A Realist Conception of Truth

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Cornell University Press, Apr 1, 1997 - Philosophy - 274 pages
2 Reviews
One of the most important Anglo-American philosophers of our time here joins the current philosophical debate about the nature of truth. William P. Alston formulates and defends a realist conception of truth, which he calls alethic realism (from "aletheia," Greek for truth). This idea holds that the truth value of a statement (belief or proposition) depends on whether what the statement is about is as the statement says it is. Michael Dummett and Hilary Putnam are two of the prominent and widely influential contemporary philosophers whose anti-realist ideas Alston attacks.
  

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Review: A Realist Conception of Truth: The Transformation of an Occupational Drinking Culture

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A must read for any student of modern developments in theories of truth Read full review

Review: A Realist Conception of Truth: The Transformation of an Occupational Drinking Culture

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A must read for any student of modern developments in theories of truth Read full review

Contents

Why Music? i
9
What Music?
14
The Stimulation Model
30
Helens Way
42
Margarets Way Tibbys Way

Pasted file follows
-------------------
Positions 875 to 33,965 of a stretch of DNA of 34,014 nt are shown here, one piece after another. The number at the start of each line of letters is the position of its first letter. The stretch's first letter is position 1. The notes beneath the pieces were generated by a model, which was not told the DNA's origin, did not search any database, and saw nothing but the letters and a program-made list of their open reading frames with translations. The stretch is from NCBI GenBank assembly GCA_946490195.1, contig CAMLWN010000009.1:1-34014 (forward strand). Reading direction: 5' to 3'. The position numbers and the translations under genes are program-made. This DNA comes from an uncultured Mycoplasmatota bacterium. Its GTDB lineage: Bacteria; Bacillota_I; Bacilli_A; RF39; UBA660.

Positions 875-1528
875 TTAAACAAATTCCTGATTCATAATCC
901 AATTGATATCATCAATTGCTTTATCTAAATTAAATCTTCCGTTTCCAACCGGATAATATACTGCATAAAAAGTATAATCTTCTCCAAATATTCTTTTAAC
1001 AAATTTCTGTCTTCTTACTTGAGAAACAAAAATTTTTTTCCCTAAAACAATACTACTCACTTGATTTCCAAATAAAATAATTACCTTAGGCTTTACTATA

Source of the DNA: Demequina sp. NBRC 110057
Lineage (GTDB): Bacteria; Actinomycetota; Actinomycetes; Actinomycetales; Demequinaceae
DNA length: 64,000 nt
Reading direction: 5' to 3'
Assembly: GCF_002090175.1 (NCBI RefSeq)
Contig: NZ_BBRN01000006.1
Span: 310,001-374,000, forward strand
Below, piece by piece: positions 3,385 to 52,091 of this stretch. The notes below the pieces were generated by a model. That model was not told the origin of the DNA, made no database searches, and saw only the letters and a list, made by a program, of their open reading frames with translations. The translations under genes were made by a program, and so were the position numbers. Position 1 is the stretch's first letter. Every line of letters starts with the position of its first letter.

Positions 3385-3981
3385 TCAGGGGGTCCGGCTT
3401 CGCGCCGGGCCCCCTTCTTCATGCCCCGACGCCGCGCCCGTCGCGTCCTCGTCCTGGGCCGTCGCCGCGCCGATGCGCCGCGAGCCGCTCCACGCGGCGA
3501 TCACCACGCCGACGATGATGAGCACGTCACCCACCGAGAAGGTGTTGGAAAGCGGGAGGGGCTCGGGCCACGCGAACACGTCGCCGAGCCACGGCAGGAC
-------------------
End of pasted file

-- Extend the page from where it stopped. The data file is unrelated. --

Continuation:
68
So Whats to Understand?
93
Surface and Depth
124
How Music Moves
146
Are There Counterexamples to the Ideal Justifiability Conception? 799
199
The Concept of an Ideal Epistemic Situation Presupposes the Concept of Truth 204
204
An Intensional Argument against the Claim 208
208
Replies to the Intensional Argument 211
211
An Epistemic Reinterpretation of Content 214
214
Back to Dummett
219
Realist and Antirealist Prospects for Determining Truth Value 224
224
A Nonconceptual Epistemic Theory of Truth 228
228

Hearing the Emotions
173
io The Profundity of Music
202
Works Cited
219
Index
223
Alethic Realism 5
5
Alethic Realism and Metaphysical Realism 65
65
An Epistemological Objection to Alethic Realism 85
85
Dummetts Verificationist Alternative to Alethic Realism 103
103
Putnams ModelTheoretic Argument 132
132
Putnam on Conceptual Relativity 162
162
Epistemic Conceptions of Truth 188
188
Hi Ideal Epistemic Conditions i 792
192
Ideal Epistemic Conditions 2 196
196
Doing without Truth 231
231
Reasons for DeEmphasizing Truth 255
233
Why Truth Is Important 235
235
Knowledge and Justification 240
240
Justification without Truth
248
Troubles with Deontological Conceptions of Justification
252
Problems with Any Truth free Justification
253
Stich on the Unimportance of Truth
258
Epilogue
262
Bibliography
265
Index
269
Copyright

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